How first home buyers can get into the Sydney property market
PIA Marketing     Published on  11/06/19

If you’re a first home buyer, getting on the Sydney property ladder could be easier than you think, especially if you’re prepared to think outside the square. We show you how you could take your first step on your property journey...

Where the Sydney property market sits right now

In mid-2019, the Sydney property market has become more affordable than it has been for some time. Record low interest rates and an easing in the average Sydney dwelling price has fallen around 15 per cent since the property market record peak late 2017, according to CoreLogic figures[1].

Applying this average, a property that would have cost $700,000 at the market peak, would now cost around $595,000.

That is great news for people looking to enter the property market for the first time. But it gets even better - especially if you’re prepared to buy a new property.

That’s because the NSW government currently provides generous tax breaks for first home owners who buy off the plan or newly built homes.

Government support for first home owners buying new property

This government support comes in three forms.

1. The First Home Owner Grant (FHOG)

This is effectively a subsidy that goes towards a deposit on your home.

At the moment, the FHOG provides a payment of $10,000 towards the cost of a newly constructed property.

Using the example above, if a buyer were to purchase a property worth $595,000 with a 10 per cent deposit,[2] this would usually mean needing to save $59,500. As many lenders allow you to count the first home owners grant towards your deposit, the effect of the First Home Owners Grant is that you’d only have to save $49,500 to purchase the same new property using a 10 per cent deposit.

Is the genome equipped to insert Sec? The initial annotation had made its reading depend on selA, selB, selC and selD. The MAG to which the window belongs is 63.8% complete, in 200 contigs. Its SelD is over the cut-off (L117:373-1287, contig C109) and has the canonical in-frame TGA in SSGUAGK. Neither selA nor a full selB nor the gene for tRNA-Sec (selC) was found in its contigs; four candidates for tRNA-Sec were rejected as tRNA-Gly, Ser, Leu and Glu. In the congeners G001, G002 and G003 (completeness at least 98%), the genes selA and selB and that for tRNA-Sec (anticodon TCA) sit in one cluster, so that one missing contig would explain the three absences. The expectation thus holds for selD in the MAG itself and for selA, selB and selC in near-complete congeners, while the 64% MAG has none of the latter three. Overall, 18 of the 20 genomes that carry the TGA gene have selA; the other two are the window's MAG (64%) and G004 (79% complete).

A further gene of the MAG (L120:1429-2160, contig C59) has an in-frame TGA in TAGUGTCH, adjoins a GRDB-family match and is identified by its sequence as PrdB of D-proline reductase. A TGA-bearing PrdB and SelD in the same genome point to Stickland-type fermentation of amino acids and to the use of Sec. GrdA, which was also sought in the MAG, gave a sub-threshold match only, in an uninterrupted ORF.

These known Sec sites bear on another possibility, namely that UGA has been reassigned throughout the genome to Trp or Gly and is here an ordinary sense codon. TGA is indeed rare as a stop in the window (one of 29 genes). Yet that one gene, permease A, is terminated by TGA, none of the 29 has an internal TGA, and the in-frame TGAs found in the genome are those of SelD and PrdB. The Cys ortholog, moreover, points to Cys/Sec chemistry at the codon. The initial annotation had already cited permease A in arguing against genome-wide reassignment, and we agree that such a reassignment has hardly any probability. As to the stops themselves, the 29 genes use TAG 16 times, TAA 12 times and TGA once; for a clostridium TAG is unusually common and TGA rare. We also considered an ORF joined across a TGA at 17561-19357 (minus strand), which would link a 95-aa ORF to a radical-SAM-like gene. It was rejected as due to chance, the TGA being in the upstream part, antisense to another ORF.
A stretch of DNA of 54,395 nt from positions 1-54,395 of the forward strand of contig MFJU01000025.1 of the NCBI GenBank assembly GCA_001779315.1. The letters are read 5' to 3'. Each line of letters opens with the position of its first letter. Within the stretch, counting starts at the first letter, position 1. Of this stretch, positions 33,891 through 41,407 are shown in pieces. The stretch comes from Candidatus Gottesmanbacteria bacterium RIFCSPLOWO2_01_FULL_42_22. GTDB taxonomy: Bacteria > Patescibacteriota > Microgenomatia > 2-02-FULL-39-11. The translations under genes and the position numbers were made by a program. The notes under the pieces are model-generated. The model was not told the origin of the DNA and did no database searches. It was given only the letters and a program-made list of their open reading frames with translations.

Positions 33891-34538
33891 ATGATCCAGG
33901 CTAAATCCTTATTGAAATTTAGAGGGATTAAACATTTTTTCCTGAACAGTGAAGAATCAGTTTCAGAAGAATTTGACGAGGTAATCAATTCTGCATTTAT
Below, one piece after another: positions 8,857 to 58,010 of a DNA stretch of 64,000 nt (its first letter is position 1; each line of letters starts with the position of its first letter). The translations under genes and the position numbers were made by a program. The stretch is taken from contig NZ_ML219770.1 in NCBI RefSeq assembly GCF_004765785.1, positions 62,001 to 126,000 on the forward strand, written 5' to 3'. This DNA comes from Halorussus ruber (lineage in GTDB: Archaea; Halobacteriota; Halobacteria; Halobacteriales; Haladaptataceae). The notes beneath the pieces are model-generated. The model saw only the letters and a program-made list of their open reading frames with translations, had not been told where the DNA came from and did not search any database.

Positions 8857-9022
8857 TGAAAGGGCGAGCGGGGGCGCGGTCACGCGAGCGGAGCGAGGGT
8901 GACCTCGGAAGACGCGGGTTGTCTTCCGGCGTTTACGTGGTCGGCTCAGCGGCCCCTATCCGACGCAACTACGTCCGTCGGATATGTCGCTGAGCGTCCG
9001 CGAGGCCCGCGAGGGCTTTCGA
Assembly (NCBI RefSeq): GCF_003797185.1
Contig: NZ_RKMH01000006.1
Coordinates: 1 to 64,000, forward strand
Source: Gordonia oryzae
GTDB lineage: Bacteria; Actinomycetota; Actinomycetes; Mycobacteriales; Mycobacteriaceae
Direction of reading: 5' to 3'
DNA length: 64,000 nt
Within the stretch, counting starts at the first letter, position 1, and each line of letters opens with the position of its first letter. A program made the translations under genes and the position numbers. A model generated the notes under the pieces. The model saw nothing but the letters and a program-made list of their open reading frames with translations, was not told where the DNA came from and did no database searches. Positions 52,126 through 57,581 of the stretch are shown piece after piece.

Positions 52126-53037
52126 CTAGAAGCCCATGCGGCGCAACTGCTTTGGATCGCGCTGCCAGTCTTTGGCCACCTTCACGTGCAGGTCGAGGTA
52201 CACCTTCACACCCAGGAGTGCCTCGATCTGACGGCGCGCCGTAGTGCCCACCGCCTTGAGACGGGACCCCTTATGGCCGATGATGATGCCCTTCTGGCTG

2. The Stamp Duty concessions or exemption

For most purchasers, the biggest cost outside of the home itself is usually stamp duty.

But the good news is that the NSW government has abolished stamp duty for first home owners on all homes valued at up to $600,000. It then provides a concessional rate for homes up to $800,000.

Using the same example of a property worth $595,000, this represents a saving of no less than $22,265.

3. The First Home Loan Deposit Scheme

Still finding it tough to save $59,500 plus lenders mortgage insurance? The newly announced First Home Loan Deposit Scheme[3] will help eligible first home buyers purchase a house with a deposit as low as five per cent and without having to pay LMI. 

This could represent a saving of around $10,000.

First home buyers with an income of up to $125,000 (or $200,000 for a couple) will be eligible.

The effect of these changes

The effect of these changes is that a first home buyer could potentially purchase a property worth $595,000 having saved a deposit of just $19,750. That's because they may only need five per cent of the purchase price to qualify for the First Deposit Home Scheme ($29,750) and the NSW government may give them $10,000 of this through the First Home Owners Grant.